By way of preface:
The "Jewish Spirituality" mailing list is an outgrowth of several conversations in which people told me that they felt "alone" in their quest to develop their relationship with Gd. I knew they weren't alone, just from my own interactions with other people, and so I extended an invitation to the Jewish community of Rhode Island to join in a weekly mailing list exploring issues within their relationship with HaShem.
Many of the messages posted on the list reflect people's personal struggles and sensitivities. As a result, some of the people who post remarks on this list opt to do so anonymously; they send me the e-mail, and I drop their names. The list is "blind cc'd," as well, so that no one knows who else is on the list. Our goal is that the members of this list should draw strength and inspiration from the words of their peers, and thereby continue to develop as Jews.
I am happy to report that I received three responses to our first "catalyst" e-mail. As a matter of fact, I don't see us needing a new "catalyst" post; these messages should be catalytic, themselves.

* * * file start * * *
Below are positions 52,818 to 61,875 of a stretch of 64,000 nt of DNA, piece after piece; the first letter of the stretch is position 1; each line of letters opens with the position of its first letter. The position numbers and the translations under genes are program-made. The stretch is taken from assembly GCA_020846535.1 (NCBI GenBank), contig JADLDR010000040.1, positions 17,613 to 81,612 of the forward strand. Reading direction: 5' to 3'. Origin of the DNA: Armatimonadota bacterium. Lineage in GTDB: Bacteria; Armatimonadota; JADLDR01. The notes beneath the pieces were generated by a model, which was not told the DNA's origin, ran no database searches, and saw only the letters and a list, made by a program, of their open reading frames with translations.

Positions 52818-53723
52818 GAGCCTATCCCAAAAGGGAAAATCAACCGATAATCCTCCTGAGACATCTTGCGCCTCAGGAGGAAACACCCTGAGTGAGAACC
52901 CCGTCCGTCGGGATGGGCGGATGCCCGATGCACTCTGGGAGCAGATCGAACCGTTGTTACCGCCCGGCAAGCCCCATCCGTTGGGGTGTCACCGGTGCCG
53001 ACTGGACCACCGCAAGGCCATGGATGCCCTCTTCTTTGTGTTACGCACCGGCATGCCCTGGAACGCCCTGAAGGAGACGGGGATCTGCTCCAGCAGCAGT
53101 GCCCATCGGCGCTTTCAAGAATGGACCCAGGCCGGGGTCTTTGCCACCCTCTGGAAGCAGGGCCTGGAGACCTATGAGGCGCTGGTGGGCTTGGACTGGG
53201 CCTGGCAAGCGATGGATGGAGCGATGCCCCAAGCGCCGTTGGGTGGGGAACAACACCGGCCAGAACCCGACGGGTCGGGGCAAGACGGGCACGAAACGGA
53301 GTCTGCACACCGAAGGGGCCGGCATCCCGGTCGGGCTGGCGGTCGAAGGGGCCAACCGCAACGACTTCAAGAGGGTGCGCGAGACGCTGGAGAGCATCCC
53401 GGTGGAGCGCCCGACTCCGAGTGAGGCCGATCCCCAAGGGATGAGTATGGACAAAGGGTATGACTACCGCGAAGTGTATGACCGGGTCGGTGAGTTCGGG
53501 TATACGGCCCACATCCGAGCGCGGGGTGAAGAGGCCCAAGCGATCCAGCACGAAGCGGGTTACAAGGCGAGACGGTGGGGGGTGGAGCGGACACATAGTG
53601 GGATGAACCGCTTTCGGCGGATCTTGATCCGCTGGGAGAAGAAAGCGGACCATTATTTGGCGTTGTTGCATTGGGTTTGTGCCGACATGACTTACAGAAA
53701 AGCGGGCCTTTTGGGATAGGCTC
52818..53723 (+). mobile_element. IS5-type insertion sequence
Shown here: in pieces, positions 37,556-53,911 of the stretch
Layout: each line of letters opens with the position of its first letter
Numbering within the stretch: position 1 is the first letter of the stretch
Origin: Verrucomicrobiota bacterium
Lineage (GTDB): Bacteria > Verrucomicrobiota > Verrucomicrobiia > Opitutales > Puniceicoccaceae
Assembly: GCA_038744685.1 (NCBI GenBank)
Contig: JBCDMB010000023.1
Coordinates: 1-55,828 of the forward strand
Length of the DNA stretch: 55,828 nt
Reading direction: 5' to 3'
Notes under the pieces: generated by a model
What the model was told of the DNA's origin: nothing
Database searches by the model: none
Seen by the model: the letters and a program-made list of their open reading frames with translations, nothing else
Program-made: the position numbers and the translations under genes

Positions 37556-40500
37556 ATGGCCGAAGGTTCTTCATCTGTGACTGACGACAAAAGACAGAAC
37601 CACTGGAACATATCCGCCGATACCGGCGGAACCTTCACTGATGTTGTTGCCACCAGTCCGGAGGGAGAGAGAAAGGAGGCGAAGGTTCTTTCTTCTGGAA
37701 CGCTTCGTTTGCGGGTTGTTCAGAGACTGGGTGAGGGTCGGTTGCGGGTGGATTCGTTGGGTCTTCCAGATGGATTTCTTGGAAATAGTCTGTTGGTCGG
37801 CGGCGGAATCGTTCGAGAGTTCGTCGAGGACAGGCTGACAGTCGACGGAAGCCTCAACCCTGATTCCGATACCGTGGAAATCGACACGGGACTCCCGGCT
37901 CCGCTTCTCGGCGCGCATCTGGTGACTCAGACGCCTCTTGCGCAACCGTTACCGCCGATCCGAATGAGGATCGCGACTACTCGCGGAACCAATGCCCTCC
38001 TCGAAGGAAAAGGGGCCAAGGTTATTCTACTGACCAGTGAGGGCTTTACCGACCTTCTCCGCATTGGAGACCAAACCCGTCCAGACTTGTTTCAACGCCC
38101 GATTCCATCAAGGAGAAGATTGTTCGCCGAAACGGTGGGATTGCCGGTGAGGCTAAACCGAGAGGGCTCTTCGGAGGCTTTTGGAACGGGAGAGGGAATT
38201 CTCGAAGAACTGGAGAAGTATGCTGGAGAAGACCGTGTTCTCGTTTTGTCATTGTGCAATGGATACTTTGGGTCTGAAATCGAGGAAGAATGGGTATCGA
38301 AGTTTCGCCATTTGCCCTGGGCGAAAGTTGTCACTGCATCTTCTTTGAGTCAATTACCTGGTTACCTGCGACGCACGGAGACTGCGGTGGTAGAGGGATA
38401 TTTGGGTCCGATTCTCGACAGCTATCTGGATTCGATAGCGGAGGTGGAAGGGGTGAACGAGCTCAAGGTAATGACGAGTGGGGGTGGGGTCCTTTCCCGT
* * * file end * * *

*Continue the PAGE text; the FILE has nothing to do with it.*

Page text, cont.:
If you have a thought on one of these messages, please send it to me, and I will post it in next week's e-mail. Please indicate, in your Subject line or in the e-mail, whether your e-mail is a general thought, or a comment on a specific post in this e-mail.
On a separate note, we have added three readers to our list this week. If you know someone who may be interested in this list, please have them e-mail me; it is no trouble for me to add them to the mailing list.
Subject: Being one with G-d
Wow! I think Rav Weinberger is really onto something. Just last night I was
thinking about the fact that everything came from the same SOURCE, and we
call that source "G-d". Thereby anything that comes from the source, is the